To provide candidates with background and practical knowledge in the surveying of buildings for asbestos and to provide general guidance on management procedures necessary to minimise exposure to any identified asbestos.
Candidates for this course are expected to be aware of the contents of HSG264 Asbestos: The survey guide and have a minimum of six months prior experience of carrying out asbestos surveys.
The syllabus is structured into five sections.
1 Introduction and Legislative Requirements
2 Asbestos in Buildings
3 Risk Assessments and Management of Asbestos
4 Bulk Sampling and Personal Decontamination
5 Practical Work
1.Introduction and Legislative Requirements (5%)
Candidates should have a clear understanding of the requirements relating to safe management of asbestos in buildings and be able to communicate appropriately with colleagues and clients.
1.0.1 Introduce the requirements for management of asbestos in buildings under the Management of Health and Safety at Work Regulations 1999, the Control of Asbestos Regulations 2012 and the Construction (Design and Management) Regulations 2007.
1.0.2 Communication and reporting: explain the requirements to communicate clearly with colleagues and clients and report findings in a formal manner.
2 Asbestos in Buildings (25%)
Candidates should be able to describe the uses of asbestos in buildings and the public health risk these might pose. Candidates must understand the principles of and requirements for asbestos surveys.
2.1 Types and Uses of Asbestos in Buildings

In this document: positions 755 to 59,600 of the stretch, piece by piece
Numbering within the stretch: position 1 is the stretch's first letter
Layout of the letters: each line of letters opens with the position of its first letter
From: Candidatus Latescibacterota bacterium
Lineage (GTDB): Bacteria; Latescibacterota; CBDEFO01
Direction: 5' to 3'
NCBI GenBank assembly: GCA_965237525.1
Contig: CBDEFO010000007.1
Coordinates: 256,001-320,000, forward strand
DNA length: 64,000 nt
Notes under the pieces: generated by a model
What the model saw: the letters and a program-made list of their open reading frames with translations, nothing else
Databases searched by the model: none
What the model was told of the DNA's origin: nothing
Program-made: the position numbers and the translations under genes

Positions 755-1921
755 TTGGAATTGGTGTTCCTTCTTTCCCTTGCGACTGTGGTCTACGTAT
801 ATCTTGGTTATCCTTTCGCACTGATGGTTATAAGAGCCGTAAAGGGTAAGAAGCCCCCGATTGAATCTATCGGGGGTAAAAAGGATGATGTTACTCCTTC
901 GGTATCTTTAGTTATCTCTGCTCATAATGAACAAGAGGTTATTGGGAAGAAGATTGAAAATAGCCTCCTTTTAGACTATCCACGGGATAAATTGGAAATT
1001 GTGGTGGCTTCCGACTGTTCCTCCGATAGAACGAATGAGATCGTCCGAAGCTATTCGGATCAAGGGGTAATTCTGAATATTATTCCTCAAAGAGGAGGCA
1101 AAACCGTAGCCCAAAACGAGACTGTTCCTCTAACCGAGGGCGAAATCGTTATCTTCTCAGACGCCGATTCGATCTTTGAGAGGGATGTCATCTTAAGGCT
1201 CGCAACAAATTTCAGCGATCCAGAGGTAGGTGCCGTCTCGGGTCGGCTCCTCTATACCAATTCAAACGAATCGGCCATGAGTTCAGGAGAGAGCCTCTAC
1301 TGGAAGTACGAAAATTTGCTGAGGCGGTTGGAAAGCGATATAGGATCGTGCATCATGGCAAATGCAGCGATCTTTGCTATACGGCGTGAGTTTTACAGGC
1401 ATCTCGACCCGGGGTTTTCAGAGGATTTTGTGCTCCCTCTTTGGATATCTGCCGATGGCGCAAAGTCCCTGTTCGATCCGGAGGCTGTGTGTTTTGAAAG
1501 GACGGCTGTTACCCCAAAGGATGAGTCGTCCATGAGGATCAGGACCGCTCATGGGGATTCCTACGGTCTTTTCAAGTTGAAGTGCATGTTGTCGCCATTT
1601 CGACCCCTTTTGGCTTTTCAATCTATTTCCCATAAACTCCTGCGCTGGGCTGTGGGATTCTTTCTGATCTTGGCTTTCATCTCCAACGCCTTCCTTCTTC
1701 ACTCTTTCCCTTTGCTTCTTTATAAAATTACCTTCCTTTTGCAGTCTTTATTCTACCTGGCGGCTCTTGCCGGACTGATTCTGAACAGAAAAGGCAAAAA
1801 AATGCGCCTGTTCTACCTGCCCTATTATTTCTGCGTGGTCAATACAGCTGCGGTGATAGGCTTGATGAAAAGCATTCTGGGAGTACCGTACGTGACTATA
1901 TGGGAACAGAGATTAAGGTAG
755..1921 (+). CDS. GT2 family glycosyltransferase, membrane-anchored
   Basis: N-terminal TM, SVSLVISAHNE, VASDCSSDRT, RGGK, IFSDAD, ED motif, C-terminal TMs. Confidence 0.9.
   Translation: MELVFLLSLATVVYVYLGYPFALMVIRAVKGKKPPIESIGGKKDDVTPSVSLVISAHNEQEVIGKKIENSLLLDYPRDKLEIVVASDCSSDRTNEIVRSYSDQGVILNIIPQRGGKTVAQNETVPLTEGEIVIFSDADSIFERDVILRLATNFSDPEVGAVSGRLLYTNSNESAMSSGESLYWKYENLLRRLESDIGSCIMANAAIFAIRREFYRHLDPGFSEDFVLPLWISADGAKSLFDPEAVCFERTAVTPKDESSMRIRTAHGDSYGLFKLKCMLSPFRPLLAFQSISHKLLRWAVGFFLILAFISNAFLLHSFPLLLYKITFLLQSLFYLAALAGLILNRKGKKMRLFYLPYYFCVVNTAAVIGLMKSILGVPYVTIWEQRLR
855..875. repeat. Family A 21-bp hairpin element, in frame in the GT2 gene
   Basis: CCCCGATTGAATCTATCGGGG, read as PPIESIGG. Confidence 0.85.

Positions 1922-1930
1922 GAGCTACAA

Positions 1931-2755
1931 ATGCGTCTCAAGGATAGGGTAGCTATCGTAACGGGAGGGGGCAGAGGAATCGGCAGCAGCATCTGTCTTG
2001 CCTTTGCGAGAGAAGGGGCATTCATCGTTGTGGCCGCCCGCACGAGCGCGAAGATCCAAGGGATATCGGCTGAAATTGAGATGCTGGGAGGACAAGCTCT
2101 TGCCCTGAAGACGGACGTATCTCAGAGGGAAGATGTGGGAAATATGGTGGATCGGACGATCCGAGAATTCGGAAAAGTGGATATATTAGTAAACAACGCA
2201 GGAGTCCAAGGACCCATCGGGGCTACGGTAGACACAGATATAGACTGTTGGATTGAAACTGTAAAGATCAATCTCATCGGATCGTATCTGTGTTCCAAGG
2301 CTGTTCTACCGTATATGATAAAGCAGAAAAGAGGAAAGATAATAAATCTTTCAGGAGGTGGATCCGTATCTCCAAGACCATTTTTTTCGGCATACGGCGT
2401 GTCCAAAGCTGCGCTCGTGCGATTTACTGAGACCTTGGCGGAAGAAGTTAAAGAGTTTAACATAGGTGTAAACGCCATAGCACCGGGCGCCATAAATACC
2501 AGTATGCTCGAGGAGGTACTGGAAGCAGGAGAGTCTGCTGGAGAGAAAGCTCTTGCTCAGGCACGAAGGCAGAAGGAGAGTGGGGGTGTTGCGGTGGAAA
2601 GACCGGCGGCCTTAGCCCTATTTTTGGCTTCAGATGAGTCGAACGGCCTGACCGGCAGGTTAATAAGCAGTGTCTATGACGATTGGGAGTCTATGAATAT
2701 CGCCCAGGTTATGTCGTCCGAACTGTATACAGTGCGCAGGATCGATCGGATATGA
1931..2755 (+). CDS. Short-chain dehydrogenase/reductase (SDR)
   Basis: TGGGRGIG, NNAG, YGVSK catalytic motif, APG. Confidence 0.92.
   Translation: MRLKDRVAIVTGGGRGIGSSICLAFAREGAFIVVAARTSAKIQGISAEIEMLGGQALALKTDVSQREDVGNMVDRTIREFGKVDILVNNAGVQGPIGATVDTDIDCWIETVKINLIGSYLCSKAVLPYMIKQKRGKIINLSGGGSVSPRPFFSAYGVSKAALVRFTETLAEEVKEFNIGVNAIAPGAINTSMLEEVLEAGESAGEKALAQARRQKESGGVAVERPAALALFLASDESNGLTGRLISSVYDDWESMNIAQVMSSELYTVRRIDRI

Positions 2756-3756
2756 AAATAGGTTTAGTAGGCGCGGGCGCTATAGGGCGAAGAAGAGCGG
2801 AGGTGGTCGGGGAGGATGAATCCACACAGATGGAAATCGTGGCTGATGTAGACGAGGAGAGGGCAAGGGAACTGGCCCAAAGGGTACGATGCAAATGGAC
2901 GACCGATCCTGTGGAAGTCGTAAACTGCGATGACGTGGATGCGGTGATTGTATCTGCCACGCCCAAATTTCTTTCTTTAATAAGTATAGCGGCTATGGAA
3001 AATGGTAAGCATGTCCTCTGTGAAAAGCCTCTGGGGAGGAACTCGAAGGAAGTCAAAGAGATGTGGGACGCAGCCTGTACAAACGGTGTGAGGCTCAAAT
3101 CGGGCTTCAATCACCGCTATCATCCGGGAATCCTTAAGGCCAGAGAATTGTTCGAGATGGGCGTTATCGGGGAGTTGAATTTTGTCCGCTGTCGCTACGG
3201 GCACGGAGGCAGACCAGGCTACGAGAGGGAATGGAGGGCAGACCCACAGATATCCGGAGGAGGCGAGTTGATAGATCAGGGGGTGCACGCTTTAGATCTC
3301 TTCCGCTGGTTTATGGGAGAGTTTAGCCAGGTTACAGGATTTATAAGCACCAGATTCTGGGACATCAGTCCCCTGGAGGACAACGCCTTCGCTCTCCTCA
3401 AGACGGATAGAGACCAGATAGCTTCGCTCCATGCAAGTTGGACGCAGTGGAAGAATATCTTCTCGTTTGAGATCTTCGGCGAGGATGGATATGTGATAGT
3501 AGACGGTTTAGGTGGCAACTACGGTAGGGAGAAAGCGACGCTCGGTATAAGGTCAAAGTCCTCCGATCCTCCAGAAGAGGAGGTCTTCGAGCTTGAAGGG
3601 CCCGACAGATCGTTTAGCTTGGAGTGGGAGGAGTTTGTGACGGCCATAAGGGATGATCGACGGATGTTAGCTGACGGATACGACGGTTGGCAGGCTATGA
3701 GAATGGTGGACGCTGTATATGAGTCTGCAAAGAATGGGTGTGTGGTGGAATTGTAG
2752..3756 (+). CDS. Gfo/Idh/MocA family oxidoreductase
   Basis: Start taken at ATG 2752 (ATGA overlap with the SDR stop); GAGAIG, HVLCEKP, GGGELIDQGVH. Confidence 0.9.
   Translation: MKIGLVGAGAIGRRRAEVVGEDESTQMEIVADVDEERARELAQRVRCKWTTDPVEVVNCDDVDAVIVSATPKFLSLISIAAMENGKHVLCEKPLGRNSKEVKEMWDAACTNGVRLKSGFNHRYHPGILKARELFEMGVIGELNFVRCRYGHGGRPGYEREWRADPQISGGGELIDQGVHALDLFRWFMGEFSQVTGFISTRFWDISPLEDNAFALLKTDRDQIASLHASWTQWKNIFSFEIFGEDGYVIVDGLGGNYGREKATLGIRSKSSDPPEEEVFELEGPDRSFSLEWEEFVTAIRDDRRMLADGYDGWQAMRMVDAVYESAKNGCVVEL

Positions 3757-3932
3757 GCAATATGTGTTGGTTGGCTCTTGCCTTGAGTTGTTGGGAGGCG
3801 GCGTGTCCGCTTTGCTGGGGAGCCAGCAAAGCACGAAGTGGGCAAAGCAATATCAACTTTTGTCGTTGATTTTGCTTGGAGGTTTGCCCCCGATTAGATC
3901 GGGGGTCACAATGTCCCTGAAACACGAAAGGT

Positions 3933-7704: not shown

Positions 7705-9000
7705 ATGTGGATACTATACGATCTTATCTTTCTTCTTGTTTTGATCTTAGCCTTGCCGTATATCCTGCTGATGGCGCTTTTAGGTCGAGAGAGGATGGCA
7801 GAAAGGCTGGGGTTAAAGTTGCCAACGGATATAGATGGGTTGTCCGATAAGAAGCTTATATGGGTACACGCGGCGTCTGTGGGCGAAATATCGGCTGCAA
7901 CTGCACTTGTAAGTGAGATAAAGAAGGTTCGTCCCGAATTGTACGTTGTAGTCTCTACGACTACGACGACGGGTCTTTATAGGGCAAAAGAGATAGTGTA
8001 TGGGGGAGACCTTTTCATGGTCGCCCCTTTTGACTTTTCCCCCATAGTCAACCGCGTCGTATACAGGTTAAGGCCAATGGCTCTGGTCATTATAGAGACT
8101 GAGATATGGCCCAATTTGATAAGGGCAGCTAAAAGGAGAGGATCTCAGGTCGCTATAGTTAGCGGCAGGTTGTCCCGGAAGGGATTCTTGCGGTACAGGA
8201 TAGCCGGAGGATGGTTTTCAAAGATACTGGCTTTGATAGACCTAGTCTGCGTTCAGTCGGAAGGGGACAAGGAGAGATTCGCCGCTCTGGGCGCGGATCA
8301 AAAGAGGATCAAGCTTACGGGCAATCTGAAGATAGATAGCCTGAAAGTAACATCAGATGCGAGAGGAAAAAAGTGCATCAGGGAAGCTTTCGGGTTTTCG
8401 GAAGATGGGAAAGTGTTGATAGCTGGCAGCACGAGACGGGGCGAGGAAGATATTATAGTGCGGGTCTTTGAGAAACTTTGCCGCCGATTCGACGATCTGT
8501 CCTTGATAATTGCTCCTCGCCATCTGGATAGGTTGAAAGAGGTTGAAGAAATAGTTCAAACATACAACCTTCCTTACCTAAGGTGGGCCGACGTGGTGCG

2.1.1 Use of reference documents (1) (2) (9) as a primary source of information on products and their locations in buildings.
2.1.2 Explain the physical and chemical properties of asbestos which have determined the use to which it has been put by industry
2.1.3 Discuss the three types of asbestos which have found significant commercial use (Amosite, Chrysotile and Crocidolite) in relation to sprayed and thermal insulation, insulating boards, coatings, cement products and other reinforced products (eg vinyl tiles, roofing felts) commonly used in building construction.
2.1.4 Describe the full range of health effects ranging from the benign (pleural plaques) to the terminal (mesothelioma) in the light of results from epidemiological studies carried out on asbestos workers. Review influential publications. Cover dose-response relationships, the effects of smoking whilst working with asbestos and the risks to health from low-level exposure.
2.1.5 Discuss the uses and composition of other asbestos products likely to be used or found inside buildings on plant, machinery or domestic appliances (eg textiles, friction materials, seals, gaskets etc).
2.1.6 Describe the use and occurrence of the other types of asbestos particularly as possible contaminants in other minerals
2.2 Surveys of Asbestos-Containing Materials in Buildings
2.2.1 Discuss the types of survey which can be carried out.
2.2.2 Discuss how to plan, organise and conduct surveys. The importance of the survey plan, what information should be collected and included within the plan and the requirement to involve the client in this process.
2.2.3 Discuss what parameters need to be assessed and recorded during the survey. i.e. location, product type, accessibility, condition, surface treatment, materials which could be confused as containing as asbestos.
2.2.4 Discuss typical errors and how to present results and record location of asbestos containing materials, including the use of caveats and the requirement for these to be site specific and not generic.
2.2.5 Discuss the level of access required for each type of survey and the potential for a phased approach for demolition/refurbishment surveys.
2.2.6 Discuss the quality control measures which the client will be expected to implement following receipt of survey reports.